Article published in Biophysical Journal
Electric phenomena in brain tissue can be measured using extracellular potentials, such as the local field potential, or the electro-encephalogram. The interpretation of these signals depends on the electric structure and properties of extracellular media, but the measurements of these electric properties are still debated. Some measurements point to a model in which the extracellular medium is purely resistive, and thus parameters such as electric conductivity and permittivity should be independent of frequency. Other measurements point to a pronounced frequency dependence of these parameters, with scaling laws that are consistent with capacitive or diffusive effects. However, these experiments correspond to different preparations, and it is unclear how to correctly compare them. Here, we provide for the first time, impedance measurements (in the 1–10 kHz frequency range) using the same setup in various preparations, from primary cell cultures to acute brain slices, and a comparison with similar measurements performed in artificial cerebrospinal fluid with no biological material. The measurements show that when the current flows across a cell membrane, the frequency dependence of the macroscopic impedance between intracellular and extracellular electrodes is significant, and cannot be captured by a model with resistive media. Fitting a mean-field model to the data shows that this frequency dependence could be explained by the ionic diffusion mainly associated with Debye layers surrounding the membranes. We conclude that neuronal membranes and their ionic environment induce strong deviations to resistivity that should be taken into account to correctly interpret extracellular potentials generated by neurons.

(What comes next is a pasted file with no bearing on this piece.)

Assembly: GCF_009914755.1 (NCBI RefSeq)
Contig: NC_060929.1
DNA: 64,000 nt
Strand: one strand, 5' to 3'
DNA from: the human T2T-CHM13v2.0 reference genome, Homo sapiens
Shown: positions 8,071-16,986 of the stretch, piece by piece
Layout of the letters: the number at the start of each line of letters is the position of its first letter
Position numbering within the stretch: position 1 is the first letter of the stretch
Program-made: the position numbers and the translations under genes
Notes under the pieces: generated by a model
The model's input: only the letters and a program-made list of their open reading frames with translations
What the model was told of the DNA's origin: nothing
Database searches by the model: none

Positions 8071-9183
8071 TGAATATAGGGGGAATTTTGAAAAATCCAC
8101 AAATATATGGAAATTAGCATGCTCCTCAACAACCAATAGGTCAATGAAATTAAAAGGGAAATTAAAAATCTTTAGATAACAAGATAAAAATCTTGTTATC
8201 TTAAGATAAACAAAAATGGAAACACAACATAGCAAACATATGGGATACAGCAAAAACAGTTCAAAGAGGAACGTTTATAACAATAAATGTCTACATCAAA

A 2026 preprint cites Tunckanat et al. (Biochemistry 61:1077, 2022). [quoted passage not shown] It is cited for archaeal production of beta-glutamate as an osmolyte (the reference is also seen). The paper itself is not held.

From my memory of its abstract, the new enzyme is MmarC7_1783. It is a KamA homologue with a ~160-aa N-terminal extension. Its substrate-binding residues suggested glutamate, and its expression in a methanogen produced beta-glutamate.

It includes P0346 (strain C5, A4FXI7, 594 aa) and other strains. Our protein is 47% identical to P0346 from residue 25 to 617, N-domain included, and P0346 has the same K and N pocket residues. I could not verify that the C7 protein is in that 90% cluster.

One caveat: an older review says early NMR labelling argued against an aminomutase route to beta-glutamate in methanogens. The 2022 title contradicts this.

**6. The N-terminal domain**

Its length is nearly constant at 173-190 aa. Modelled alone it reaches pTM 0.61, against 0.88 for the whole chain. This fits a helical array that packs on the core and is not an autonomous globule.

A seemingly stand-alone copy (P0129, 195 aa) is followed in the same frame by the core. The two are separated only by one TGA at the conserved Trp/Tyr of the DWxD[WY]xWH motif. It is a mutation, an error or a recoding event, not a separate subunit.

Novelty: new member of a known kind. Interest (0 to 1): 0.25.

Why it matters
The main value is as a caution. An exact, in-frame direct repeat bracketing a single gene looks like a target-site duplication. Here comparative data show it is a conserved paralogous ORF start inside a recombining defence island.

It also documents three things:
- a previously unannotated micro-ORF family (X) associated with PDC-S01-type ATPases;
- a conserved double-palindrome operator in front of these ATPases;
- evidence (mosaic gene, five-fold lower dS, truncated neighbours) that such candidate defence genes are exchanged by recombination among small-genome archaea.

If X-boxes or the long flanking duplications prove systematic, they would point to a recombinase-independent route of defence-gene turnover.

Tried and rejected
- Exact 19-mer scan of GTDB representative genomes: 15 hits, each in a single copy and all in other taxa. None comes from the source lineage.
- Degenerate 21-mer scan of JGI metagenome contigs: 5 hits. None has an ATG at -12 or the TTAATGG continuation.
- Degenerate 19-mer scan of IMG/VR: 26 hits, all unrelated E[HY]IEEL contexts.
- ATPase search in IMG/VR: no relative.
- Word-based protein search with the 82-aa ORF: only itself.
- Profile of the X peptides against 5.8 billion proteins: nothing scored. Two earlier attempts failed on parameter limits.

Extracellular and intracellular components of the impedance of neural tissue. Claude Bedard, Charlotte Piette, Laurent Venance, Alain Destexhe.